Key point 3-04. All states permit clergy to perform marriage ceremonies. However, some states permit only "ordained" or some other classification of clergy to perform marriage ceremonies. It is important for clergy to determine if they are legally authorized to perform marriages under applicable state law, and to be aware of the legal qualifications for marriage and any license and reporting requirements prescribed by state law.
The Nebraska Supreme Court ruled that a marriage of 26 years was valid despite the fact that the judge who performed the marriage ceremony failed to return a certificate of marriage to the county clerk as required by law.
A couple was married by a judge at a county courthouse. Prior to their marriage the couple obtained a "License and Certificate of Marriage" form. This form contained a section to be completed by the person solemnizing the marriage certifying that he or she joined the parties in marriage in the presence of two witnesses. The form was then to be presented to the clerk of the county court for filing.
The husband later asked a local court to declare that "no marriage ever existed" because the return was not completed and filed. The wife claimed that the couple was married by the county judge in a ceremony attended by approximately 250 people. At the conclusion of the ceremony, the judge asked the witnesses to accompany him to a small table at the front of the room, where he asked the witnesses to sign the original marriage certificate. The wife's maid of honor confirmed the signing of the certificate at the table. The wife also asserted that when she and her husband returned from their honeymoon, she asked him what he had done with the original marriage certificate, and he replied that he had placed it in a safe in his office.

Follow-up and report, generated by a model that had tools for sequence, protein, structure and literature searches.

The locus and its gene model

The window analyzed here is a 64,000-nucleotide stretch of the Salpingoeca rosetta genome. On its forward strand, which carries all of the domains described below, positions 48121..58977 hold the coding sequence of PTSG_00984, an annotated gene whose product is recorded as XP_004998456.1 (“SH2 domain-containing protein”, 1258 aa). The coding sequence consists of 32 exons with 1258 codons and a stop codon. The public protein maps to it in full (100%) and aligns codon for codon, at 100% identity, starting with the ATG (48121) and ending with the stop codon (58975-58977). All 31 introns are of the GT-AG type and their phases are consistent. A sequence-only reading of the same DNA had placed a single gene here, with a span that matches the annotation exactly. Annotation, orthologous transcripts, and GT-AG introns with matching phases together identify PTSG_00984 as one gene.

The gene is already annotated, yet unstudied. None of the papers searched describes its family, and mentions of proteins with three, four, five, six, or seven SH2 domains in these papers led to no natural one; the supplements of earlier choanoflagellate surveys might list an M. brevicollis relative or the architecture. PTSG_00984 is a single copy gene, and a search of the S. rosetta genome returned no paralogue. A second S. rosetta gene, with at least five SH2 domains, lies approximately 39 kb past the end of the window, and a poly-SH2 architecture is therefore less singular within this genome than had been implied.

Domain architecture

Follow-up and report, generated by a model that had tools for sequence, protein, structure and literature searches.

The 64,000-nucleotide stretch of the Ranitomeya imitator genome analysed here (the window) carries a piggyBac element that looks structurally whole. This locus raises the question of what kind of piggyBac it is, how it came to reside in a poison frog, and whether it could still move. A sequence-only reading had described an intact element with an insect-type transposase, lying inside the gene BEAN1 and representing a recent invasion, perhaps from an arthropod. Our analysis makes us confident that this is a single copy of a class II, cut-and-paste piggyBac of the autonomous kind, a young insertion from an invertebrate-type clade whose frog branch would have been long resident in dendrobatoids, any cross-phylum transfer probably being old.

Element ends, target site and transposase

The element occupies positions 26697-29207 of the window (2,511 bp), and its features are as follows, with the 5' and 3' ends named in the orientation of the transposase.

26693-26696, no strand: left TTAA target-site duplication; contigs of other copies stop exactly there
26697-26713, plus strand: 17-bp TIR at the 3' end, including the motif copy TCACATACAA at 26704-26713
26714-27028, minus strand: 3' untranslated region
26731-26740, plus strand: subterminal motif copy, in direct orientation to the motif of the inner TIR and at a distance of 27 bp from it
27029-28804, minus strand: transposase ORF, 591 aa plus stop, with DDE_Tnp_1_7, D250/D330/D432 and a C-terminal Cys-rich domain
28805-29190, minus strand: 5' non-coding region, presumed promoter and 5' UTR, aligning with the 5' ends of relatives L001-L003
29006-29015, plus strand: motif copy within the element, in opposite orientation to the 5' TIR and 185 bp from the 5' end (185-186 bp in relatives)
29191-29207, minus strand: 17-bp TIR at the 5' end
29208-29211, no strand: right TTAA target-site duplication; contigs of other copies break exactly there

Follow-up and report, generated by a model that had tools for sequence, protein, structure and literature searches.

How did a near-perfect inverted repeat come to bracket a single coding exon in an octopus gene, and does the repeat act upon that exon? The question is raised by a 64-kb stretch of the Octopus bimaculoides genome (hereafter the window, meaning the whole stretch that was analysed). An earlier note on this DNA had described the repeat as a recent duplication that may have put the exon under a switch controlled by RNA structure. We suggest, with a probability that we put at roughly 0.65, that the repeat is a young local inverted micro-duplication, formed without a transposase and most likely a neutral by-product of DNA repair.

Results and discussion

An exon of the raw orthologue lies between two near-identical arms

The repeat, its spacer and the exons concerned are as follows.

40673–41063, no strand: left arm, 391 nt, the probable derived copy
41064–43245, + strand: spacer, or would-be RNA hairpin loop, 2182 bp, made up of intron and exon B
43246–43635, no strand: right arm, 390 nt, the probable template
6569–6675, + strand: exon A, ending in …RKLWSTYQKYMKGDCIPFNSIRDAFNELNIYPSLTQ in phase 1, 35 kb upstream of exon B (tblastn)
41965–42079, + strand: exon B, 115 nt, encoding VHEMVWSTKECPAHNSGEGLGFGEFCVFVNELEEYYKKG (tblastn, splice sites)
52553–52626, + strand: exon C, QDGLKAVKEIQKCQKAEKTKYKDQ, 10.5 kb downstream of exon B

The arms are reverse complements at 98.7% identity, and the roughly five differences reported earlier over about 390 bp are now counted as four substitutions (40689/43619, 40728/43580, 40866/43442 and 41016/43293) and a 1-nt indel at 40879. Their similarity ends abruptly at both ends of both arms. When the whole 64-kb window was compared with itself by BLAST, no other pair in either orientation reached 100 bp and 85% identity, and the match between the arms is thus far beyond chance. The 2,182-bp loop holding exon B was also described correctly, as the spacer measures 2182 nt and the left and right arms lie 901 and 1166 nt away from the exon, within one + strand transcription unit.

The husband claimed that he had no idea what happened to the marriage license after it was issued. He did not recall whether a marriage certificate was ever signed, and he did not recall ever seeing an original marriage certificate.
The trial court noted that the question before it was "whether a fully executed and duly filed return of a marriage license is a legal requirement for a valid marriage." The court concluded that the requirements for a valid legal marriage had been met. The court further determined that the state law relating to a return of a marriage certificate was "procedural" and "did not constitute substantive requirements for a valid legal marriage." The court also determined that "the evidence as presented is uncontroverted that the parties have held themselves out as husband and wife since the date of their marriage and have continued to do so for the past 26 years."
The state supreme court agreed that the marriage was legally valid. It acknowledged that state law stipulated that persons performing a marriage ceremony had to return a completed certificate of marriage to the county clerk within one month of the marriage. But it concluded: "We find no indication in the statutes that the legislature intended to penalize the parties to a duly licensed and solemnized marriage for an officiant's subsequent failure to complete and file the return. The purpose of the return is to provide an official record that the solemnization ceremony was performed … . In the absence of the certificate, parties would be required to prove the existence of the marriage by some other means, as they did in this case."
What This Means For Churches:
Most states require persons who solemnize a marriage, including ministers, to return a marriage certificate to a local official within a specified period of time. But, as this case illustrates, the failure to comply with this requirement will not necessarily affect the validity of the marriage. Vlach v. Vlach, 2013 WL 3113261 (Neb. 2013).